Profiteering from fuel shortage…

In the midst of a fuel crisis, I was somewhat appalled to learn that some garages are raising the price of their fuel…the most famous case so far appears to be of the Rix garage in Kirkcaldy (the address of which I believe is Bridge Street). Whilst the garage in question blame a computer fault, we all know that computers are only as good as the folks who enter data into them…so I’m not so sure I buy their argument. Similarly, I read that Rix themselves “distanced” themselves from the garage, saying that they hadn’t contacted the garage since 2007…yet they still carry the Rix branding. Perhaps, there’s something odd going on?

A colleague suggested that a list of the garages that are profiteering is maintained, such that we can boycott them after the strike action. Sounds like a good plan. I suppose it would be possible to add some to the comments of this post…

The Courier carries the full story over here.

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6 thoughts on “Profiteering from fuel shortage…”

  1. Isn’t that called supply & demand?

    If the price rises due to local scarcity – then those who don’t *really* need it won’t buy it at the inflated price, meaning that at least some (albeit at a higher price) is available for those who *really do* need it…

  2. There is a big difference between supply and demand and profiteering – if the garage is able to get hold of sufficient fuel (as news sources such as the BBC say they can) then there is no argument for supply and demand. Unlike fires at storage centres – pipelines going offline restricts the resupply of fuel not the distribution. In theory at least, there is sufficient fuel to last until at least the end of May (again according to the BBC) so at this stage there is no shortage of supply.

    Obviously, local conditions may determine otherwise and I agree, if supply is short prices HAVE to increase to safeguard those who need it (or else fuel becomes rationed).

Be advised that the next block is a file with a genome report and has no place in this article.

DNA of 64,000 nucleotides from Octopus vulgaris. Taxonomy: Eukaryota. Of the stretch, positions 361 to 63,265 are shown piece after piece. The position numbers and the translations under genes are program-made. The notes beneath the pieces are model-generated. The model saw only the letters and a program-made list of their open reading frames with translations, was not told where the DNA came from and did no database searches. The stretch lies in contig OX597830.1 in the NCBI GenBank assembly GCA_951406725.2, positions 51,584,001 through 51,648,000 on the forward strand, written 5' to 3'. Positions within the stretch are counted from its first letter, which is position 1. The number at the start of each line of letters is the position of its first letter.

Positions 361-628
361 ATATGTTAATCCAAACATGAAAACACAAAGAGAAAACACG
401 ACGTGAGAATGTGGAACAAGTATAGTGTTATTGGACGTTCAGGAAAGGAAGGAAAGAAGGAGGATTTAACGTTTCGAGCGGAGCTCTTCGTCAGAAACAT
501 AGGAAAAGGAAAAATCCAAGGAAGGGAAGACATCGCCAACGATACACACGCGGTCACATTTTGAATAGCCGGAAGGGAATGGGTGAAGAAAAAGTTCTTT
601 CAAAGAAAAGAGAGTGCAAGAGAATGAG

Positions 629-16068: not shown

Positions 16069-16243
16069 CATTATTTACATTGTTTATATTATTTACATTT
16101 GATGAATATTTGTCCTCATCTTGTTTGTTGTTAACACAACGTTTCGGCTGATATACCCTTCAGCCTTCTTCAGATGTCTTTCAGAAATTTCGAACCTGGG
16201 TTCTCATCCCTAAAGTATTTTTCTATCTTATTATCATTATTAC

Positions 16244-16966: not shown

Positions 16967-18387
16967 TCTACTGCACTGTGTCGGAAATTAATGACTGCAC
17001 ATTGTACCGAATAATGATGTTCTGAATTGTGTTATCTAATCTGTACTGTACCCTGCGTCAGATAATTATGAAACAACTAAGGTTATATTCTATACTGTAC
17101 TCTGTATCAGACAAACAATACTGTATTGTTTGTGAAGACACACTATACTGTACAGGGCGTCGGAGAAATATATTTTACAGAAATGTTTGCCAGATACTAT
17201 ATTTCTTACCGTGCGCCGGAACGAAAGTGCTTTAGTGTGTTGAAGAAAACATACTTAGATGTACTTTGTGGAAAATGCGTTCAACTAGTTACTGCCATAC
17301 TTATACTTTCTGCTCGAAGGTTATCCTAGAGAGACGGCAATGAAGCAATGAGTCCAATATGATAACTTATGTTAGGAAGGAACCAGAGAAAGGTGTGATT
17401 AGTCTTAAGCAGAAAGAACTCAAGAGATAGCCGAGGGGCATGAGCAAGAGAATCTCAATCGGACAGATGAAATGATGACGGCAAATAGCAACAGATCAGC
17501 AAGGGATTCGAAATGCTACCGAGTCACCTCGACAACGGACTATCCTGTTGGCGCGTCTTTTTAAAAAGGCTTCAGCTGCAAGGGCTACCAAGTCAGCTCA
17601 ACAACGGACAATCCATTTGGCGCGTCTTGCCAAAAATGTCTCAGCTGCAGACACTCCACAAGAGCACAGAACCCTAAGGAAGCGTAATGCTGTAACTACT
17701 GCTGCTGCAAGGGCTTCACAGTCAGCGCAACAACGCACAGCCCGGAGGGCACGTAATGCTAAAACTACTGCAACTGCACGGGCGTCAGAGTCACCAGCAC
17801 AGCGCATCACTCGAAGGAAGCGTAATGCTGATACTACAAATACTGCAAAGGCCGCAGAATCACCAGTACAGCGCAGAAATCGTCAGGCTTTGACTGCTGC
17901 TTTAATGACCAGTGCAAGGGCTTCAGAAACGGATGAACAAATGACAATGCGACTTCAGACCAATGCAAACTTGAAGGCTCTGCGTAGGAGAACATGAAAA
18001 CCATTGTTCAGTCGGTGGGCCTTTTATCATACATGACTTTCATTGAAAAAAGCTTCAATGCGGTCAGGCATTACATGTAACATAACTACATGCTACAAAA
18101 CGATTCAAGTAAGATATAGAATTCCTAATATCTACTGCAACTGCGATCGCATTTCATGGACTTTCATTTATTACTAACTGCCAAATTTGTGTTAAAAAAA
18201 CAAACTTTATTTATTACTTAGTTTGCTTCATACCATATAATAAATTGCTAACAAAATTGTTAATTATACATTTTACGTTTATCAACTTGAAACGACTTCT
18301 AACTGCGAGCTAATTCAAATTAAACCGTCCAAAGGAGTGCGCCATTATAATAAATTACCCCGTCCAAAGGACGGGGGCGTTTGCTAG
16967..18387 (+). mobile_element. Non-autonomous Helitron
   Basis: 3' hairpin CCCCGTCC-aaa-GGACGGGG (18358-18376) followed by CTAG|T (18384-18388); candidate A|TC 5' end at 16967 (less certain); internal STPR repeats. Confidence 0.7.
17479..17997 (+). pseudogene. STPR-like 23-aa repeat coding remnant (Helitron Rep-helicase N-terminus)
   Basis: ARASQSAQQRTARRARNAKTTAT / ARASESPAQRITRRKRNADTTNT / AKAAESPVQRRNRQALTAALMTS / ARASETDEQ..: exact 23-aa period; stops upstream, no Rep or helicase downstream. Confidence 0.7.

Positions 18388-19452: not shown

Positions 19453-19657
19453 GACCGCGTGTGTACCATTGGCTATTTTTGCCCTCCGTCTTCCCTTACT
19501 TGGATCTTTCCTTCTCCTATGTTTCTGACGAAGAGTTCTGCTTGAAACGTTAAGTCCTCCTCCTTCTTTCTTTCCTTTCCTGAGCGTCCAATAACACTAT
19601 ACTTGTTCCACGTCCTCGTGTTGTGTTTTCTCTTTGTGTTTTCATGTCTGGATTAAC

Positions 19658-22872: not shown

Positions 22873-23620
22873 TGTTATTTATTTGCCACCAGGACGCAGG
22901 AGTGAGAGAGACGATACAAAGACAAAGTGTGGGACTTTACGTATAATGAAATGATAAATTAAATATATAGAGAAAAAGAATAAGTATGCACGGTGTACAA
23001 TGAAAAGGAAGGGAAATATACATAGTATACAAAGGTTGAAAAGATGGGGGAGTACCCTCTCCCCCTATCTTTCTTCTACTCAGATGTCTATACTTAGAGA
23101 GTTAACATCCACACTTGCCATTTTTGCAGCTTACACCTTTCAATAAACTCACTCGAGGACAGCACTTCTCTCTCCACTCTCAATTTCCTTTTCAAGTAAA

Ultimately, punters will pay with their tyres (to coin a new expression, if I may) and unless all garages decide to clump together and raise prices (**cough** Price Fixing **cough**) someone will offer a better deal.

    But, as always, it’s the consumers who will suffer and I send my best wishes to Craig – and all Scots affected by this – for a speedy resolution.

  3. It may be sensible actually. Here’s why. There is not fuel supply problem the government has said it will ensure supply via imports if required. However, people are still panic buying and that’s a problem because fuel evaporates in the storage tanks and so is ordered and delivered in a JIT fashion, if people panic buy then JIT breaks and then there is a supply problem, a “getting it to the pumps” supply problem, not a “we don’t have it” supply problem.

    So pushing up prices is a good idea ‘cos now if you are panic buying and you don’t really *need* the fuel, you’ll say to yourself “I’m not paying that price” and leave it. That’s what needs to happen. If people are not smart enough to do that for themselves then the forecourt owners are right to try and push down demand.

  4. I agree with Gary. This last week I’ve paid the most I’ve ever seen for a litre of fuel (118.9p) and I’ve reduced my car usage. I don’t think it will affect me much, if at all. I have a Tesco and Sainsbury’s within walking distance. I walk to work anyway. And if I want to visit my parents I can always take a bus (or three). *shudders*

    Curiously, the biggest loser in all of this is the Central government through lost tax revenue. They are losing over £1million per hour of the strike and also round the edges while the plant is shutting down and restarting (which seems to take a week to do). They could have prevented it by saying “Bugger this for a packet of crisps, we’ll just dump £1 million into the pension fund so there is enough for you to continue the current scheme. Problem goes away and we still get over £50 million in otherwise lost tax revenue”. Absolute muppets! The lot of them.

  5. I remember an instance during the big fuel shortages around 1999/2000 (when the fuel depots were blocked by protesters? Not sure what the reason was now, but I remember quite a lot of panic buying and the infamous Radio 1 / Wales goof that triggered another shortage).

    But there was one garage (in Berkshire I think), that was selling petrol at £20 a gallon or something daft like that, and people were paying out for it too. There was quite an uproar in the local and national press and similar calls for a boycott after the shortages ended. IIRC the garage did in deed go out of business a few months afterwards. Nothing but greed and the guy got his just rewards.

    At least the garage you mention didn’t hike up the prices too much..

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